Archive for the ‘Overcrowding’ Category

Tidy Up These Perennials After Blooming Is Finished

Deadheading, the practice of removing the old spent flowers from perennials, is a way to improve a garden’s appearance and reduce overcrowding. Secondarily, many (not all) will rebloom after deadheading. Not all perennials respond to deadheading by reblooming. Most daylilies (Hemerocallis x.), coralbells (Heuchera spp.), and hostas (Hosta spp.) are prime examples of perennials that do not […]

Spring – Summer Care of Herbaceous Peonies After Flowering

Summer weather can be tough on the foliage of tree and herbaceous peonies tree (P. lactiflora). Here are some tips to ensure your peony plants will prosper for many years to come. Keep foliage disease-free and prune off all badly infected with mildew or black spotted.  Some varieties naturally shed their leaves (go dormant) early. Itoh hybrids and most […]

Basic Care Tips In The Spring Perennial Garden

              In late winter – early spring, after the snow has melted and daytime temperatures are steadily above freezing, let’s get busy with the cleanup in the perennial garden. First, if you garden in a severe winter region such as zones 4 or colder, remove all winter protection such […]

Butterfly Weed Named 2017 Perennial Plant Of The Year

Milkweed (Asclepias tuberosa), aka butterfly weed, is a long-lived tuberous rooted perennial indigenous to the southeastern U.S and mid-western U.S. and Canada (USDA hardiness zones 3 to 9). It grows in dry/rocky open woodlands, prairies, farm fields, and along roadsides. Individual plants typically grow as a clump to 2- 3 feet high and 1 -2 feet wide. Unlike many […]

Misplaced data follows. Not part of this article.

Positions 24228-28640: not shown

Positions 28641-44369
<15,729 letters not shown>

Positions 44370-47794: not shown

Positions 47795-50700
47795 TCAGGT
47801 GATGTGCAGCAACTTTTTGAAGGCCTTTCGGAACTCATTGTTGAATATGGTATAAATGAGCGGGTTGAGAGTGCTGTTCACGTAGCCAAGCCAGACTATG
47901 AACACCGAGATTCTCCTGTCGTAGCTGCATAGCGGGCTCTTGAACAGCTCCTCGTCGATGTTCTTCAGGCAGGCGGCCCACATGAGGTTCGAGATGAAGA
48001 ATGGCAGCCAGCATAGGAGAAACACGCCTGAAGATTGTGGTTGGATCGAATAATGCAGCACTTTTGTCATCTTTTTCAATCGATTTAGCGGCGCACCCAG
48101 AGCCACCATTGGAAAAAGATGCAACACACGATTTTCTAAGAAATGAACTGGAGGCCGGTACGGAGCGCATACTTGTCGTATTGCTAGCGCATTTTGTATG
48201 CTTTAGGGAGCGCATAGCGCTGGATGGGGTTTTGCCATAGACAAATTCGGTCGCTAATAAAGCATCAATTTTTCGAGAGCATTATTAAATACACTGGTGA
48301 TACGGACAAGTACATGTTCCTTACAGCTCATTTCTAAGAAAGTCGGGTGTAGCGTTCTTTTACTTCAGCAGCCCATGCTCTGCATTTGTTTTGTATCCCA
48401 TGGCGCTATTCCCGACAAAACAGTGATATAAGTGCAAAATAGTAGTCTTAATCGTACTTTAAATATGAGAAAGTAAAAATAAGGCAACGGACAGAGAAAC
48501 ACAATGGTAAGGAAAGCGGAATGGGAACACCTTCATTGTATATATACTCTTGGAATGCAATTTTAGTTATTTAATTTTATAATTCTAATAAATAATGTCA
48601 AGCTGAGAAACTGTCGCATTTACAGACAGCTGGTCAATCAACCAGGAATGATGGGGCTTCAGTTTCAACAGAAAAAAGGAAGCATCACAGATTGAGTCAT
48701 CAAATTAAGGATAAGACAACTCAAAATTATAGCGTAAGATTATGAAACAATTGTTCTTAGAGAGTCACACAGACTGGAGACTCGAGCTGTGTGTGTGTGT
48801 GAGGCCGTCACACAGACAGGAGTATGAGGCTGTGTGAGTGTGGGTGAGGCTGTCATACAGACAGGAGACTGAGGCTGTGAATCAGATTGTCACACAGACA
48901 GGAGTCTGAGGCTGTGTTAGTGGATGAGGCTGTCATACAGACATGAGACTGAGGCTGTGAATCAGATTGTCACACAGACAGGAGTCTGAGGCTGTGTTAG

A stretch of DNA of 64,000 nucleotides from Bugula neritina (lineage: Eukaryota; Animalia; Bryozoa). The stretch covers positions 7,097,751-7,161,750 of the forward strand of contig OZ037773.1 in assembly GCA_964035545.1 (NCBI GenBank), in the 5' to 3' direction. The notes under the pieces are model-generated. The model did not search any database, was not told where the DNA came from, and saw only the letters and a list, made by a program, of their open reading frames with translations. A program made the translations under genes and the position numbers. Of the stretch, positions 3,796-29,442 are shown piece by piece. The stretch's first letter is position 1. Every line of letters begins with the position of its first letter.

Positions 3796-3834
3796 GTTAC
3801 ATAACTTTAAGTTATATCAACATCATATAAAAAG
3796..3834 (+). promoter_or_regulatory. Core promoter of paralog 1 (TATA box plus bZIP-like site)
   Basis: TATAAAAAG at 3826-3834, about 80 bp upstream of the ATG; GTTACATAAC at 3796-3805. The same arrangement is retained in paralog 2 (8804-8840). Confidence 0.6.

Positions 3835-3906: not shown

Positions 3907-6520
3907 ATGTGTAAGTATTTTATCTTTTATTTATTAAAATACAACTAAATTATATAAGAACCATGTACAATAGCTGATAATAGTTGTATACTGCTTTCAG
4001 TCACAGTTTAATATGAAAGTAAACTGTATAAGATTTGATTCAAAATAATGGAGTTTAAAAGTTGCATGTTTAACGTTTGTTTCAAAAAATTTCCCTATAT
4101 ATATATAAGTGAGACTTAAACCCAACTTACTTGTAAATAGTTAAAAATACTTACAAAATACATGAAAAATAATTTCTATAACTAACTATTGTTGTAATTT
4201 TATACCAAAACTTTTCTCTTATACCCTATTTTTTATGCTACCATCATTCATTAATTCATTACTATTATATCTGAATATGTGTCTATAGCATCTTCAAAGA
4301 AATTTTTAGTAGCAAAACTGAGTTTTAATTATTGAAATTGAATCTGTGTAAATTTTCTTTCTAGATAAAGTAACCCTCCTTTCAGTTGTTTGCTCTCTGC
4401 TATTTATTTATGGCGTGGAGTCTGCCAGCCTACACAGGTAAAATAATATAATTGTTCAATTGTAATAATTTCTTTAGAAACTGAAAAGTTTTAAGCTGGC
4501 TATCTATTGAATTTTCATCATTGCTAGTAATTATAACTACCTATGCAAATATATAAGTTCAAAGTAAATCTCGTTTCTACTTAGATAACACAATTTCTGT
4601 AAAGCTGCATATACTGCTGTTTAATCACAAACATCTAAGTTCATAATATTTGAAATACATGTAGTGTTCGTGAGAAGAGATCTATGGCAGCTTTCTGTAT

Stop Destroying Forsythias

                Forsythia (Forsythia spp.), also called “yellow bells”, is an extremely popular spring flowering shrub (USDA hardiness zones 5-8). Their bright yellow flowers signal the coming of spring. However, many gardeners do not know how to prune them. Tall 8-12 foot forms of F. x intermedia are commonly sold at most U.S.  garden centers. Forsythias grow from 2 to 10 […]

Preventing Disease Outbreaks In The Garden

              When a sick plant has been diagnosed with a viral or bacterial disease, your only option is to remove the diseased branch by pruning or destroy the entire plant. You should start out by practicing prevention. Prevention is adopting good cultural and sanitation practices. Consider the following measures: Start with disease-free […]

New ‘Black and Bloom’ Salvia Lovely Touch To Late Summer Garden

            Blue anise sage (Salvia guaranitica) is native to central South America (USDA hardiness zones 7-10). It primarily utilized as a garden annual in the U.S., but is rated a tender perennial in protected locations with winter mulch cover in zone 6. Plants exhibit a shrubby, somewhat open habit with upright branching, to 3-5 feet […]

Managing Leaf Spot Infections

There are nearly 1,000 fungal pathogens that cause leaf spot diseases on garden plants. Fungal leaf spots vary in size—from the size of a pinpoint to lesions that consume the entire leaf. Many leaf spots are tan to dark brown in color and may be circular, angular or irregular in shape. Some of the common […]